Beebe to raise awareness of osteoporosis in May

Beebe Medical Center will offer free screenings for osteoporosis in May on different days and locations around Sussex County. May is Osteoporosis Prevention Month.

No appointments are necessary for the non-invasive screenings, which take just a few minutes to scan the heel bone for density. If the screening shows the density is below a certain value in that bone, the patient will be advised to see a physician.

Osteoporosis, often termed the silent disease because it shows no symptoms until it causes bones to become so fragile that they break, will strike millions of people over the next decade if preventive action is not taken, according to a 2004 report by the U.S. Surgeon General. It is estimated that by 2020, half of all Americans above the age of 50 will be at risk for fractures caused by Osteoporosis. There is a risk for men as well as for women.

According to the National Osteoporosis Foundation, any bone can be affected, but fractures in the hip and spine are most concerning. A hip fracture almost always requires hospitalization and major surgery. Statistics show that about 20 percent of senior citizens who suffer a hip fracture will die within a year. And, about 20 percent of those with hip fractures end up in a nursing home within a year.

Spinal or vertebral fractures also have serious consequences, including loss of height, severe back pain, and deformity. The goal, healthcare experts say, is to prevent and treat the disease before the bones are so weak that the patient’s overall health and safety is threatened.

“The problem is that osteoporosis doesn’t give symptoms,” said Dr. John Gomez, a rheumatologist based in Lewes and member of Beebe’s medical staff. “There’s a misconception of pain. There is not pain. And once there is a fracture, it’s too late.”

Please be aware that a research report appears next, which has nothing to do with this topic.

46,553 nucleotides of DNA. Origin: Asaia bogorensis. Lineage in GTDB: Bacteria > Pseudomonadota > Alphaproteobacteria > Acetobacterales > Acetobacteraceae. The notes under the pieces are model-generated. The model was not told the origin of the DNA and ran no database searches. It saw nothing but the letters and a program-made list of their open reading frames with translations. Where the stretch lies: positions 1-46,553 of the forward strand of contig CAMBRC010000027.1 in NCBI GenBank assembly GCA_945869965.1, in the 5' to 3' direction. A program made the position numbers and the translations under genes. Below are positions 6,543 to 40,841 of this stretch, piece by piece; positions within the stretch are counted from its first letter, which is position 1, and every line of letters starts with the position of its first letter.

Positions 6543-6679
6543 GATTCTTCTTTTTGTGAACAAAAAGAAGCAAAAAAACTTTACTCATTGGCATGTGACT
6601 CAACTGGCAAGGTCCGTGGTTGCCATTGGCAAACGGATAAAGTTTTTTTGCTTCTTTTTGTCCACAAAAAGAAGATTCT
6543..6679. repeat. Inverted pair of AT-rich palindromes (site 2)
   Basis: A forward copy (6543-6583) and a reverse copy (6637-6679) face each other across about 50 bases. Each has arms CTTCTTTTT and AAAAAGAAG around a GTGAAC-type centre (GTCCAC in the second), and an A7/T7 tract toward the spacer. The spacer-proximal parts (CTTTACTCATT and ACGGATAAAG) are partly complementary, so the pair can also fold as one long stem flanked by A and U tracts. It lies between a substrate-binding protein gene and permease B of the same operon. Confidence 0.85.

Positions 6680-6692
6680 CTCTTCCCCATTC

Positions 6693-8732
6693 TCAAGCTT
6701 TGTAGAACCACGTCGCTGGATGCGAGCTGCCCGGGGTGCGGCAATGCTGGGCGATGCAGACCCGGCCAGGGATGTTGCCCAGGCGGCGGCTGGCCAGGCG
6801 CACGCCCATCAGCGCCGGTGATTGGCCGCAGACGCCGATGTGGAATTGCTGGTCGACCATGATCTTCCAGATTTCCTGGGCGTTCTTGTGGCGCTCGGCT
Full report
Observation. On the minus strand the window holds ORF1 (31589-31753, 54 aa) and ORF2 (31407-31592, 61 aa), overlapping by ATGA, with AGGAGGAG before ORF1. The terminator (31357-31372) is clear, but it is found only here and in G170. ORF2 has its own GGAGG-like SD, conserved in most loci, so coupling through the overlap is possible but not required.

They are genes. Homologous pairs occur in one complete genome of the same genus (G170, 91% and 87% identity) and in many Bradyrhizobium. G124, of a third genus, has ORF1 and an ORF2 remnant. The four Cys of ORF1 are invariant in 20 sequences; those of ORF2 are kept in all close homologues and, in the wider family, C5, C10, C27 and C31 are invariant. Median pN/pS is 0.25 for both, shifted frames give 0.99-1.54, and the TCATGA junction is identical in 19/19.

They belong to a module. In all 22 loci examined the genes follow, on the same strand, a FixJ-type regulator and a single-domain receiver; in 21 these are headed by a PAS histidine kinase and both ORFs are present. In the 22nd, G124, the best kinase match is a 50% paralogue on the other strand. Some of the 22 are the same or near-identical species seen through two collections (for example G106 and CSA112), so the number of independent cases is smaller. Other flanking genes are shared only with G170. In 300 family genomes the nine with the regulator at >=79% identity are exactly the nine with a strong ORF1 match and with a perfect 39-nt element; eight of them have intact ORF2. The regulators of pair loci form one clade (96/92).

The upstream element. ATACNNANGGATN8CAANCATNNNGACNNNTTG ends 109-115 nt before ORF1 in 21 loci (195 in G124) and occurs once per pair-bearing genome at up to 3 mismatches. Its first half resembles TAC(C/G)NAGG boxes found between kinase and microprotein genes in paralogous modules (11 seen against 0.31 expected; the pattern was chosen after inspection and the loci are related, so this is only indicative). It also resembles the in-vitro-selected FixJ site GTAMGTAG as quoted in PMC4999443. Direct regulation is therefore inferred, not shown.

Dr. Gomez said that again and again patients tell him that they can’t imagine they are suffering from osteoporosis because they feel fine and have no trouble walking. He emphasized that the most important thing is to get regular screenings, to practice a lifestyle that promotes bone strength, and to get treatment once osteoporosis has been diagnosed.

A lifestyle that promotes bone health includes plenty of weight-bearing exercise such as walking, running, bicycling and playing tennis, eating a balanced diet that includes calcium and vitamin D, and not smoking or drinking too much alcohol.

Marie Berntsen, coordinator of the Beebe Medical Center Orthopedic Service Line, said that Beebe focuses on helping people be proactive with their own health. Both the service line and the Medical Center’s Community Health Department periodically offer osteoporosis screenings.

Beebe Medical Center’s Orthopaedic Service Line and its Community Health Department are organizing the screenings in May. The screenings will take place in the following locations:

May 3 — 9 a.m. to 11 a.m. at St. Ann’s Catholic Church, 691 Garfield Parkway, Bethany Beach.

May 6 — 10 a.m. to 1 p.m., Pyle Center, Route 20/Pyle Center Road, Frankford.

May 12 — 2 p.m. to 4 p.m., Slaughter Neck Community Action Program Center, 22942 Slaughter Neck Road, Lincoln.

May 17 — 9:30 a.m. to 11:30 a.m., Harbor Lights CHEER Center, 34211 Woods Edge Drive, Lewes.

For more information, please call Kay Malone in the Community Health Department at (302) 645-3100, ext. 5139, or Marie Berntsen at (302) 645-3623.